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Proportional or on/off throttle for FES ROG

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Phill Tadman
Posts: 401
Joined: 18 Aug 2015, 20:38
Location: South Cambs

Proportional or on/off throttle for FES ROG

Post by Phill Tadman »

Hi all,

Do you think a proportional or on/off throttle is better for a front electric sustainer (FES) to achieve rise off ground (ROG)?

My other FES has on / off throttle when launching from a dolly, but wonder whether proportional throttle might be better for feeding power in and keeping the prop off the ground.

Thanks

Phill

Tom Pack
Posts: 89
Joined: 18 Mar 2015, 23:33
Location: USA

Re: Proportional or on/off throttle for FES ROG

Post by Tom Pack »

Proportional throttle is always better in my opinion......if you must use an on/off switch be sure to program a soft start and a ramp up of power.....

Tom Pack
Posts: 89
Joined: 18 Mar 2015, 23:33
Location: USA

Re: Proportional or on/off throttle for FES ROG

Post by Tom Pack »

And one more thing.....to prevent prop strikes on take off be sure to hold full back elevator stick on roll out and release it once you break ground.

Tom Pack
Posts: 89
Joined: 18 Mar 2015, 23:33
Location: USA

Re: Proportional or on/off throttle for FES ROG

Post by Tom Pack »

That’s what I do in this video....


Elliot Howells
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Joined: 18 Mar 2015, 08:18
Location: West Wales
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Re: Proportional or on/off throttle for FES ROG

Post by Elliot Howells »

Like Tom says, throttle is way better proportional - you can cruise!

On my 1:3 Ash26 there's around 2.5Kw on tap so it's nice to feel in full control rather than at the mercy of a switch, my EDF on the Valenta 213 is also on the throttle, this could more easily be a switch operated job, with a delay on the same switch as the up and go movement - horses for courses. There is no wrong way really.

Ell.

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Peter Balcombe
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Joined: 18 Mar 2015, 10:13
Location: Clevedon, North Somerset, U.K.

Re: Proportional or on/off throttle for FES ROG

Post by Peter Balcombe »

I have used flight modes to select the throttle stick for motor in Power mode or brakes in Landing mode.
Easy enough to do on Frsky gear & probably possible on other sets.
As long as you can flick the mode select switch in a hurry, you can always go around if the approach ends up wrong.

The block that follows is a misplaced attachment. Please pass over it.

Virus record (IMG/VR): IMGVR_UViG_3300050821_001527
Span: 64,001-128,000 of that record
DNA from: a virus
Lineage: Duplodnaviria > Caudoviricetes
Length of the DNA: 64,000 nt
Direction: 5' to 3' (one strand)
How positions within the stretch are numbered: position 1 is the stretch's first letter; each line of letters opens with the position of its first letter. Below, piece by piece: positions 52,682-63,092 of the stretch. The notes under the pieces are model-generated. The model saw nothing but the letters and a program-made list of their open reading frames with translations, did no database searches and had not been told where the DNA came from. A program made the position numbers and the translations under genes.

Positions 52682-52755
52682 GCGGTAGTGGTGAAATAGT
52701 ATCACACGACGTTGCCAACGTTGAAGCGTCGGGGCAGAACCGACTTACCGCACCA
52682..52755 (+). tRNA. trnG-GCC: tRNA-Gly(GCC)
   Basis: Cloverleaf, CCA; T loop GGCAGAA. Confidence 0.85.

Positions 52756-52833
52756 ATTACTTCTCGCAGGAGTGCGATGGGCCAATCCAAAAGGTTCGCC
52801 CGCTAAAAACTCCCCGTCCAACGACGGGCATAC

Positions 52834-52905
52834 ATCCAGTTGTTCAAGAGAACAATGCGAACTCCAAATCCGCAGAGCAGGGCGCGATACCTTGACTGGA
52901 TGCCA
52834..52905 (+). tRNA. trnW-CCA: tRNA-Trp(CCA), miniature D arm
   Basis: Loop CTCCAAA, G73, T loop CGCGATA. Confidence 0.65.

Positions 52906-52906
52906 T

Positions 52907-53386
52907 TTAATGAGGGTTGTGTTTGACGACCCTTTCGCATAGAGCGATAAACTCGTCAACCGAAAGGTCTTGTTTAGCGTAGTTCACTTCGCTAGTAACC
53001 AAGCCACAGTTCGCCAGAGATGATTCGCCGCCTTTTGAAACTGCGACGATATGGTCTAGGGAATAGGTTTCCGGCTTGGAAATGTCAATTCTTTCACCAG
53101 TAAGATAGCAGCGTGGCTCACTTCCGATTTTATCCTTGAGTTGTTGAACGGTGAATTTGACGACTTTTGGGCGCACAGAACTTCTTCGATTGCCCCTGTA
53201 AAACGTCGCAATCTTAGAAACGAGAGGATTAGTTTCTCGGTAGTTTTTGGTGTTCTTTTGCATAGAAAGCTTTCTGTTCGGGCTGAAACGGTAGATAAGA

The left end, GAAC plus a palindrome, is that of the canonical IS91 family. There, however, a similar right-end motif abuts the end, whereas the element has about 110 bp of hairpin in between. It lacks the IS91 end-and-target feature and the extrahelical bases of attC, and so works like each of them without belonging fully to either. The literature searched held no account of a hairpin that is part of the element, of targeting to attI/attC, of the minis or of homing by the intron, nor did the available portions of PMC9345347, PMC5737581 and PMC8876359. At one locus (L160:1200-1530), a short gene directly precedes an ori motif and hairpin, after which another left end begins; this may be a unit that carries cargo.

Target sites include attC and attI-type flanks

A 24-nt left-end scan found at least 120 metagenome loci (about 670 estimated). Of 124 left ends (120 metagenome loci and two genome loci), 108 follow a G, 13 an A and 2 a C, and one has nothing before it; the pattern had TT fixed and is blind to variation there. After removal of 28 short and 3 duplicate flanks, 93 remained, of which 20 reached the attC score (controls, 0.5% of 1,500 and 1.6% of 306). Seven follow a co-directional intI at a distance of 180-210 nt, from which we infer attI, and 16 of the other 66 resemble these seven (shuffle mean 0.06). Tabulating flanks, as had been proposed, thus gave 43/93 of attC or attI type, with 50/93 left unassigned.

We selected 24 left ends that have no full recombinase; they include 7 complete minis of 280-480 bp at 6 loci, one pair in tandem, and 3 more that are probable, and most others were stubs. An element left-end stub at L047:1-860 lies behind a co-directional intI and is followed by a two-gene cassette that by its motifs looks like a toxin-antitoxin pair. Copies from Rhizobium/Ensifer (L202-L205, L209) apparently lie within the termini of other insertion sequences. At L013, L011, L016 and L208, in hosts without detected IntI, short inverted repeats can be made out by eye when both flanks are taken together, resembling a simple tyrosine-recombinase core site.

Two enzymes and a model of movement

Elliot Howells
Posts: 254
Joined: 18 Mar 2015, 08:18
Location: West Wales
Contact:

Re: Proportional or on/off throttle for FES ROG

Post by Elliot Howells »

Yes, that's a good point Peter, I use phases/modes too. In Powered throttle is throttle, then Landing, it's airbrakes.

Aren't we clever? ;)

BrettW
Posts: 16
Joined: 23 Mar 2019, 08:41
Location: Somerset

Re: Proportional or on/off throttle for FES ROG

Post by BrettW »

The arrangement I had for eSoaring was to use both a switch and slider. In my case the slider was used to pre-set the power level I wanted to use for the prevailing conditions(calm, windy, distance, etc.) just before hand launching, with the switch used to activate the motor. Coupled to a soft start this worked well in competition. It also had the added attraction of acting as a motor cut-out safety switch when on the ground - although I appreciate that some may prefer a rotary switch with high-powered models as being even safer because it is less likely to get knocked by accident.

Dial forward a few years and I find this arrangement works well for slope flying, both scale and non-scale models. Leaving the slider at a default half-power position (or slightly more, depending on the particular model) and activating the motor by a soft-start on/off switch provides a quick and simple way of overcoming sink and getting back up to a suitable height. And of course, you're still free to increase the power using the slider once the climb is underway. Perhaps a little more complicated when used for ROG, but still workable I would have thought. I appreciate that you can re-purpose the throttle stick as part of flight conditions, but I've learned from long experience that when under pressure I'm less likely to make an error with simple systems. (Modern electronic chart plotters and instrumentation on yachts can be a nightmare from this perspective when unexpected problems always seem to arise in the middle of a very wet, dirty, rolly and windy night, just as you're in the middle of a crowded shipping channel, or at some other critical navigational juncture for example!)

Cheers, Brett

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